Besides that, I should note that the <transition> component can accept the following parameters:

  • name – string, used to auto-generate transition CSS class names based on input data;
  • appear – boolean, indicates whether to apply transition on initial render;
  • mode – string, controls the timing sequence of leaving/entering transitions. (For example, the last element leaves with “out-in” and the new one appears).

We’ll use them later to complete a transition between cards with information in our first building case.

Creating a transition for a card with information

First, let’s create a component of the card we will animate at the entrance.

<!-- InfoCard.vue -->

<div class="flex flex-row justify-between items-start rounded-md bg-white shadow-md max-w-2xl px-6 py-4">
  <div class="w-40 h-40 mr-6">
    <slot></slot>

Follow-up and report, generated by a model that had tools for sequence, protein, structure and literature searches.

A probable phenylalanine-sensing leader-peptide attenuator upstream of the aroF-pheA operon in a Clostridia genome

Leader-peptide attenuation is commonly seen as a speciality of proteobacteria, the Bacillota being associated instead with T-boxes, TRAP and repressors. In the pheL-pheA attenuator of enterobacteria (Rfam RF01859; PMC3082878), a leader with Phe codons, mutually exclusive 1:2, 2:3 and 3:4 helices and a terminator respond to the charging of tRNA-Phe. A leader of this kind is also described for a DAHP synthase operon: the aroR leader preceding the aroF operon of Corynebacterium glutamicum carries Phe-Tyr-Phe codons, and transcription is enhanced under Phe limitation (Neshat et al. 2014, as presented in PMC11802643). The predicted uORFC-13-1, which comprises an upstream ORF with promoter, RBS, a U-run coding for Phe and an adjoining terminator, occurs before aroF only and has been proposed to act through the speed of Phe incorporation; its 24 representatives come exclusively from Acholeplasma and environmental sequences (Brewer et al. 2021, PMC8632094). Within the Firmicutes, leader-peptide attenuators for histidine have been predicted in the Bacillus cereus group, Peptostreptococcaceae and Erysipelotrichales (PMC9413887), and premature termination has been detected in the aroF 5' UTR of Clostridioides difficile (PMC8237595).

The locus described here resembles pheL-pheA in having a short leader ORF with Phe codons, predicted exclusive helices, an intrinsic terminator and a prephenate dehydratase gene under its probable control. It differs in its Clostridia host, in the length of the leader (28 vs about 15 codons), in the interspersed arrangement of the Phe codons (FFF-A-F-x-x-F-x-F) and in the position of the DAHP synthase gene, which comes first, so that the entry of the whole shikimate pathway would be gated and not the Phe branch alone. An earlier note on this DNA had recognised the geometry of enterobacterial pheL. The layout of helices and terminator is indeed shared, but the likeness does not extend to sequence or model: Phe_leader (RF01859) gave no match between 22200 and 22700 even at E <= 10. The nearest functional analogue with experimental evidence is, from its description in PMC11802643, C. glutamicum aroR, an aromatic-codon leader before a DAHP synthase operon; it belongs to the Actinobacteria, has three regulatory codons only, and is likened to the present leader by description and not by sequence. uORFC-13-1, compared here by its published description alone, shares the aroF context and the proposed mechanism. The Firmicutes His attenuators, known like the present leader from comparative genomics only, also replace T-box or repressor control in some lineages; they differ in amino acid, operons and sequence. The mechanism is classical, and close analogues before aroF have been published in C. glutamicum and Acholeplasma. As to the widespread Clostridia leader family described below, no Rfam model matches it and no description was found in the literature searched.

</div>
  <div class="">
    <h4 class="text-xl font-semibold text-alternative">Lorem ipsum dolor sit amet, consectetur adipisicing.</h4>
    <p class="text-gray-800">
      Lorem ipsum dolor sit amet, consectetur adipisicing elit. Assumenda distinctio, illum? Laborum, non.
    </p>
  </div>
</div>

Now when using this component, we wrap it in the <transition> tag and apply name=”slide-right”:

<transition name="slide-right" appear>
  <InfoCard :key="0">
    <img class="rounded-md w-full h-full object-cover" src="../assets/sea.jpeg" alt="sea" />
  </InfoCard>
</transition>

After this action, we have an access to auto-generated classes .slide-right-enter-active, .slide-right-leave-active where we determine transition (or animation), and .slide-right-enter, .slide-right-leave-to where we describe the animation itself:

.slide-right-enter-active,
.slide-right-leave-active {
  transition: transform 0.8s ease-in;
}
.slide-right-enter,
.slide-right-leave-to {
  transform: translateX(-100px);
}

Now, we have the following result:

NIMATIONS ON VUE.JS

Building slides with a transition group component

To understand <transition-group> usage, let’s take a more realistic situation, such as building a slider.

First, we create a slider component:

<!-- Slider.vue -->

<transition-group class="mt-10" type="transition" name="slide-left" tag="div">
  <img class="absolute left-0" v-if="index === 0" src="../assets/newyork.jpeg" alt="sea" :key="0" />